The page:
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Notre Dame 99-to-2: No. 5 Troy Pride, starting cornerback, senior

Troy Pride

SOUTH BEND, IN - SEPTEMBER 15: Notre Dame Fighting Irish cornerback Troy Pride Jr. (5) intercepts a ball thrown by Vanderbilt Commodores quarterback Kyle Shurmur (14) in the 3rd quarter during a college football game between the Vanderbilt Commodores and the Notre Dame Fighting Irish on September 15, 2018, at Notre Dame Stadium in South Bend, IN. Notre Dame won 22-17. (Photo by Daniel Bartel/Icon Sportswire via Getty Images)

Icon Sportswire via Getty Images

Listed Measurements: 5-foot-11 ½, 194 pounds.2019-20 year, eligibility: A senior, Pride enters his final season.Depth chart: Pride will start, on which side of the field depending more on whom Notre Dame lines up as the No. 2 cornerback than on Pride. He has proven himself on the field side and would remain there if the Irish could find someone physical enough in coverage to handle boundary duties, an ongoing search to this point.Recruiting: The consensus four-star prospect, a South Carolina native, ignored the Southeast’s finest, including Clemson and Virginia Tech, to choose Notre Dame as the No. 23 cornerback in the country, per

Pride will finish his career as a full-time starter in two seasons with a smattering of starts in the other two, as well. Such are the results of joining a decimated secondary in 2016 and impressing enough to get a chance in the second half of his sophomore year.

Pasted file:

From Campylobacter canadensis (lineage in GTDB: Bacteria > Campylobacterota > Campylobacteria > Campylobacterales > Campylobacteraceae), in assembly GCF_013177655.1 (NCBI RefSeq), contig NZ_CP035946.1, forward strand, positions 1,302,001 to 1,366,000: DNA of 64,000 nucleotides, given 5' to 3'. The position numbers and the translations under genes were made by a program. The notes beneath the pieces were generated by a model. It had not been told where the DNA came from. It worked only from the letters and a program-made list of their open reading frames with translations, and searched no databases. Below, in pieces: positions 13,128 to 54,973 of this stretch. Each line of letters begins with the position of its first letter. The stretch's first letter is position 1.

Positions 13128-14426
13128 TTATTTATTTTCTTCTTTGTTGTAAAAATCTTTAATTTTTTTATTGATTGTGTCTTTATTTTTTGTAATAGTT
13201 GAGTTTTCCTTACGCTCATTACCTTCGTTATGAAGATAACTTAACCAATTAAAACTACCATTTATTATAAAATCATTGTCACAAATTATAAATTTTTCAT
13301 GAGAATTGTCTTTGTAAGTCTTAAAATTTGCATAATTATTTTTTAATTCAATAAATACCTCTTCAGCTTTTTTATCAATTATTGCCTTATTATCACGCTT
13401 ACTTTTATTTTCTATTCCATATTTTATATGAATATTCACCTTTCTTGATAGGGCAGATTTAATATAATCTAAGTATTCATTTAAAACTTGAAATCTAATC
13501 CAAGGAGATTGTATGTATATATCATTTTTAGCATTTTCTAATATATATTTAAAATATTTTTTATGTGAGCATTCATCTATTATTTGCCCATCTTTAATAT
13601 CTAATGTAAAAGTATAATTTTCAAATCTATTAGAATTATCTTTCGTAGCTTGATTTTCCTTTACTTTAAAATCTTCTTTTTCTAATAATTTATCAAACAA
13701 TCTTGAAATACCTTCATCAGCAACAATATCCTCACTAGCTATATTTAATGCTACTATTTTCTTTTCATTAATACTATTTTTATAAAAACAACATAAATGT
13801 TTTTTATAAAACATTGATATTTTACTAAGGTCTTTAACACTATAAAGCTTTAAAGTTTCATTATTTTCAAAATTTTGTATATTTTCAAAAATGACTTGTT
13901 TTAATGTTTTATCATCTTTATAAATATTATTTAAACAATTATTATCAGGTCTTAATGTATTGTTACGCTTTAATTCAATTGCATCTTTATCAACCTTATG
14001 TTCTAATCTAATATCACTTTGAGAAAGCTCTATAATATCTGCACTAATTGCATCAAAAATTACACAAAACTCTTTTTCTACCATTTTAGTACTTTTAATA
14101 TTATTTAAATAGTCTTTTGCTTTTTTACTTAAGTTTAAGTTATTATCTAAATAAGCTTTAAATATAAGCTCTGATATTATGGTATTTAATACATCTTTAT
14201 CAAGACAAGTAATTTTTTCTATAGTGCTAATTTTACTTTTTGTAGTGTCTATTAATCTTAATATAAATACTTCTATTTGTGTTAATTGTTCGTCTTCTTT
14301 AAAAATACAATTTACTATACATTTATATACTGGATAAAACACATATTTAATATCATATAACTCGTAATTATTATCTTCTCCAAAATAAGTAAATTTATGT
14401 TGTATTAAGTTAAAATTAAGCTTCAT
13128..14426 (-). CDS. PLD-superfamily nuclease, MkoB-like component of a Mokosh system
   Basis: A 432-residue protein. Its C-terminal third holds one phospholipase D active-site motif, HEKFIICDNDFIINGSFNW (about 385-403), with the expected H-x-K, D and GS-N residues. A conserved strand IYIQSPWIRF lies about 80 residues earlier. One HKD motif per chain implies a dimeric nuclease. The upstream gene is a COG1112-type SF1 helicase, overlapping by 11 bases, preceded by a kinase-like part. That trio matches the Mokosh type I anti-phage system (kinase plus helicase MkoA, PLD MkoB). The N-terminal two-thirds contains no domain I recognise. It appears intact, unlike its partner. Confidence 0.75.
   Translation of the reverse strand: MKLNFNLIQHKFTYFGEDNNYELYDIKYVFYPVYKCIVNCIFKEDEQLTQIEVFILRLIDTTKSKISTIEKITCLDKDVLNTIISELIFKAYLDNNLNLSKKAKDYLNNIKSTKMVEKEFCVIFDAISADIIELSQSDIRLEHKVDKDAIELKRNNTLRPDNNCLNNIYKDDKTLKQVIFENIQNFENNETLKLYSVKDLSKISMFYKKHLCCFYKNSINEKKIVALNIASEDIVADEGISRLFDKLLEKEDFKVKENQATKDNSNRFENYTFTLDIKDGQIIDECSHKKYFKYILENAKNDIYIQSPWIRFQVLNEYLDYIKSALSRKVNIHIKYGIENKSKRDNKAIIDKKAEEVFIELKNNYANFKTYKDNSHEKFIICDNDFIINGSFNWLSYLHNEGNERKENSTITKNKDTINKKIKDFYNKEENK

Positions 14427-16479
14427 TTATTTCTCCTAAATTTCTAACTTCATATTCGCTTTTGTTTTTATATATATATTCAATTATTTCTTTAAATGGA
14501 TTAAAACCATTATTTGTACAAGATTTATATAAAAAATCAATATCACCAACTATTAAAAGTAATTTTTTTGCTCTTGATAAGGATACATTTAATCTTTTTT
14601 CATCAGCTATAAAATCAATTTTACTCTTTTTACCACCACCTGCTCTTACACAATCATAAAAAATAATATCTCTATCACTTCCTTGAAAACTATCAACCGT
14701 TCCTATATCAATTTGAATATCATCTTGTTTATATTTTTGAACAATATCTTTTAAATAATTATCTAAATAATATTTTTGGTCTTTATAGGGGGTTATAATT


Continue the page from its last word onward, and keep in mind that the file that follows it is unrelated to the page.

That November starting cameo came when knee tendonitis limited Nick Watkins. Pride then supplanted Watkins in spring practices, leading to the latter’s transfer to Houston.

Even as a starter in all or parts of three seasons, Pride was largely overlooked last year. That will happen when playing opposite a consensus first-team All-American busy setting program records.

2016: 8 games, 3 starts; 12 tackles and one fumble recovery.2017: 12 games, 4 starts; 22 tackles with one for loss; one interception with two pass breakups.2018: 12 games, 12 starts (an ankle injury cost Pride the Pittsburgh game); 47 tackles with 1.5 for loss; two interceptions with 10 pass breakups along with one forced fumble and one fumble recovery.

A year ago, the highlights of spring practices came when watching Julian Love covering Miles Boykin. Love was a proven star; Boykin winning half the matchups forecast his coming breakthrough.

This past spring, senior receiver Chase Claypool bested Pride as often as not. Neither is as established as Love, so Claypool’s success is not as clear an indicator as Boykin’s was. But then again, Pride gave up only one touchdown last season, a 20-yarder to USC’s Tyler Vaughns in the final minute of the game. Watching Claypool blow by him a few times in March and April may have dinged Pride’s ego, but Irish defensive coordinator Clark Lea would rather it happen then than in September, not to mention the confidence it may have instilled in Claypool.

“You have to learn to respond to negative outcomes by moving on to the next snap and by getting the information you can use to learn from it,” Lea said the week of the Blue-Gold Game. “... I want Troy to experience what it is to get beat, and he is in a battle every day with Chase Claypool. It’s a fun thing to look at.

“He can’t be so outcome-oriented that he’s not staying within his process. … Troy has speed that everyone wants. God gave him that. What we can help Troy with is where his eyes were, how he displaced the route laterally, or how he gets into a fit position with his legs.”